The wandering interests of JamaOwl

Climate and Weather part 4

More from “The Weather of the Future”, By Heidi Cullen, Harper, 2011

“Corals have probably existed on the GBR (Great Barrier Reef) for more than 25 million years.  The corals first formed during the geological era known as the Miocene. It was during the Miocene that India slammed into Asia and created the Himalayas. The Miocene also was a time when the Australian continent was on the move.” (p. 91)

“According to the Great Barrier Reef Marine Park Authority (GBRMPA), the earliest record of complete reef structures dates back about 600,000 years.  Research suggests that the current reef structure started growing above this older platform about 20,000 years ago, during the Last Glacial Maximum (LGM), the peak of the last ice age.” (pp. 91-92)

“By around 13,000 years ago, corals began to move into the hills of what had been Australia’s coastal plain, but was now underwater. … Scientists estimate that the present-day, living reef structure is between 6,000 and 8,000 years old; in other words, it dates from the period during which the sea level is thought to have finally stabilized.” (p. 92)

“… in many places of the world – such as the Maldives, the Seychelles, and Palau – coral bleaching has effectively destroyed more than 50 percent of reefs.  In the Caribbean, the numbers are worse, with between 80 and 90 percent of the reefs destroyed by bleaching, disease, hurricanes, and a number of problems related to coastal development, fishing, and other human activities.” (p. 95)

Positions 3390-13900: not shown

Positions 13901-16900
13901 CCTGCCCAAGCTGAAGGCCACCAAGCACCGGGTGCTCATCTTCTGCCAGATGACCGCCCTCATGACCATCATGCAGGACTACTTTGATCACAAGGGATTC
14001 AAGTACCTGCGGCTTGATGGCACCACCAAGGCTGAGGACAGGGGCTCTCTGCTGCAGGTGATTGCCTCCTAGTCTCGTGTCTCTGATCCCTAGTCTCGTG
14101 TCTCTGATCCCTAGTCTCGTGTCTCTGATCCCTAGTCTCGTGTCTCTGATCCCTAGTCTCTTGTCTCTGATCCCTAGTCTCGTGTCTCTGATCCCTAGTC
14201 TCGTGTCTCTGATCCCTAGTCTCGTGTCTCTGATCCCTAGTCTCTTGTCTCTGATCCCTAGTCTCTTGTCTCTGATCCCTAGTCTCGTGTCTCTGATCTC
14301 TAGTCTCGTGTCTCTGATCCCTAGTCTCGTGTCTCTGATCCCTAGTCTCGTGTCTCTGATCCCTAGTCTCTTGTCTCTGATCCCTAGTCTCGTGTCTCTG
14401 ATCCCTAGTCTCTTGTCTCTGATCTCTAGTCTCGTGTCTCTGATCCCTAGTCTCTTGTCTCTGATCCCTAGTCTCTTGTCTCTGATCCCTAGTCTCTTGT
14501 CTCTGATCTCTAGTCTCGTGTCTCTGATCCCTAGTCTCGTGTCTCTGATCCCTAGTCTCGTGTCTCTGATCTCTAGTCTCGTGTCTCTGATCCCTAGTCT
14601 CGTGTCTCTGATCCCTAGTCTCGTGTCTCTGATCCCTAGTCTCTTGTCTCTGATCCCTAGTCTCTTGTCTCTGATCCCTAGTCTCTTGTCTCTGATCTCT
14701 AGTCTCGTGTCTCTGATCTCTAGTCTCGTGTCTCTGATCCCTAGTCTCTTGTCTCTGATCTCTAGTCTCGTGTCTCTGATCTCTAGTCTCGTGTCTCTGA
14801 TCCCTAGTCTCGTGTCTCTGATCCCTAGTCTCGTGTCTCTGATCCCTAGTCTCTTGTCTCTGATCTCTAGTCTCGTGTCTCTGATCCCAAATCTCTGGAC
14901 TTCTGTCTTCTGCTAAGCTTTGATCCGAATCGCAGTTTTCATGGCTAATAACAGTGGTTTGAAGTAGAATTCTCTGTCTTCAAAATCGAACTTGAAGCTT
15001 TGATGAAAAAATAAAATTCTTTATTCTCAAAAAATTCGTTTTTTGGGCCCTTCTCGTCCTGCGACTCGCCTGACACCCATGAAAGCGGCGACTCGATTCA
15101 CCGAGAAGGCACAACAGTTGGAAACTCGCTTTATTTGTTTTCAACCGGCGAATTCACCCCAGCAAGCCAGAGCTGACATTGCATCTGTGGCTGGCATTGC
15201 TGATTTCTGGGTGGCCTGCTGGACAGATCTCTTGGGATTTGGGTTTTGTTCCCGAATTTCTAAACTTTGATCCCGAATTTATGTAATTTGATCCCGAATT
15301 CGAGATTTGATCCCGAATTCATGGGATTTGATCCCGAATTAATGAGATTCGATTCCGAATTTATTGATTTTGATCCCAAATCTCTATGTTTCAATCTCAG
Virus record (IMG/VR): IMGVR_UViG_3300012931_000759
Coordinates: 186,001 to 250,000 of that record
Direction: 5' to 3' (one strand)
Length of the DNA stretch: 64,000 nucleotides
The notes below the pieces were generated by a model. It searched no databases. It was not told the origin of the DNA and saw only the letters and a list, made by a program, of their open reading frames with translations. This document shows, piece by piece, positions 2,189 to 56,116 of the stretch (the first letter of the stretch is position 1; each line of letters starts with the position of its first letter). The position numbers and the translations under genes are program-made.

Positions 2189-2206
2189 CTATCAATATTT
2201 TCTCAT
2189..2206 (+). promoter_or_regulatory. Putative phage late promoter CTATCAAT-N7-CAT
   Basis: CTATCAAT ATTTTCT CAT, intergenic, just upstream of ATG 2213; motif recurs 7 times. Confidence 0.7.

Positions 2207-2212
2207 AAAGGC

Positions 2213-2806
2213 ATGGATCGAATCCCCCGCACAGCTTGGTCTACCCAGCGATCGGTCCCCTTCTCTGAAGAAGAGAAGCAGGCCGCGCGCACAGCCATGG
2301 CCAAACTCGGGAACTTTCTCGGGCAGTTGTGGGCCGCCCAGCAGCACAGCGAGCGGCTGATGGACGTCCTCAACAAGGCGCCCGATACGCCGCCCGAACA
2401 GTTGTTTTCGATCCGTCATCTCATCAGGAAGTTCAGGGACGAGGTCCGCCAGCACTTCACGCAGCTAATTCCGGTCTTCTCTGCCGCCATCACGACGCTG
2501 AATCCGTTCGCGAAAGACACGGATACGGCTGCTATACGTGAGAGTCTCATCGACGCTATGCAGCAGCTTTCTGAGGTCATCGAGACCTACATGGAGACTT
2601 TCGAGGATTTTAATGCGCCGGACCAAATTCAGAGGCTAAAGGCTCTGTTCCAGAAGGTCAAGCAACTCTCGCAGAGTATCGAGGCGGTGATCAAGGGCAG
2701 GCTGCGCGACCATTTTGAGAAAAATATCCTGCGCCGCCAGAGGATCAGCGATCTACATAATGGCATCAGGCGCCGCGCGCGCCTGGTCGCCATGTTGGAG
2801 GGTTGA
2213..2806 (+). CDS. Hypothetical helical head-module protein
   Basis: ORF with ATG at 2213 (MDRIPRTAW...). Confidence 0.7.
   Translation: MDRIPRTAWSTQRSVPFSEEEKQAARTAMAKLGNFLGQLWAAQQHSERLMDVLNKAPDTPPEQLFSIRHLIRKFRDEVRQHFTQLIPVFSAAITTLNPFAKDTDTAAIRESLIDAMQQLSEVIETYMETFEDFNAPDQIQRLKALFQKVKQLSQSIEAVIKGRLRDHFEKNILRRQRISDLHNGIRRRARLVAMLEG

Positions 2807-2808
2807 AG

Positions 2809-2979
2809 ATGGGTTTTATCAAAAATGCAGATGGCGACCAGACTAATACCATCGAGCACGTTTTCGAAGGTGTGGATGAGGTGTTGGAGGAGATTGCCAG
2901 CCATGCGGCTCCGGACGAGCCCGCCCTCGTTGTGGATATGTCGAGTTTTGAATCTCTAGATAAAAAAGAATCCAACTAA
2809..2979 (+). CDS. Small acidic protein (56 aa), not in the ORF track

“During El Niño conditions, ocean temperatures in the Indian Ocean and in the central to eastern Pacific Ocean increase. Along with the warmer ocean waters comes a stable mass of high pressure, exactly the kind of weather pattern that ushers in a prolonged period of hot, sunny days.  What might look like perfect weather is actually a condition for extensive coral bleaching.  El Niño turns the lights on in a very big way.” (p. 96)

“Bleached corals aren’t dead; they’re just starving.  …  If the stressful conditions come to an end soon enough – that is, if the weather changes and temperatures become cooler again – the algae can come back, and the corals can survive the bleaching event.  But corals that do survive a bleaching event come out of it in a weekend state.  … Prolonged bleaching often leads to coral death.”

“This situation is really not so different from a prolonged drought.”(p. 99)

“Roughly 30 percent of the excess carbon dioxide released into the atmosphere by human activities since the industrial revolution has been absorbed by the oceans. If not for the ocean uptake, atmospheric CO2 would be on the order of 450 ppm today.” (p. 100)

“Recent modeling studies indicate that if atmospheric CO2 levels hit 600 ppm, it will be very tough to save the corals.  By 650 ppm, it will be impossible to save them.” (p. 104)

“…scientists and conservationists are working hard to protect is an area called the Coral Triangle, which spans eastern Indonesia, parts of Malaysia, the Philippines, Papua New Guinea, Timor Leste, and the Solomon Islands and contains 53 percent of the world’s corals.  The Coral Triangle covers an area of 2.3 million square miles, about half the size of the United States. It has more than 500 reef-building coral species – 75 percent of all species known to scientists – and more than 3,000 species of reef fish.  It also has the greatest extent of mangrove forest of any region in the world.” (pp. 105-106)

“Right now only 1 percent of the ocean is protected, compared with about 12 percent of the land.” (p. 106)

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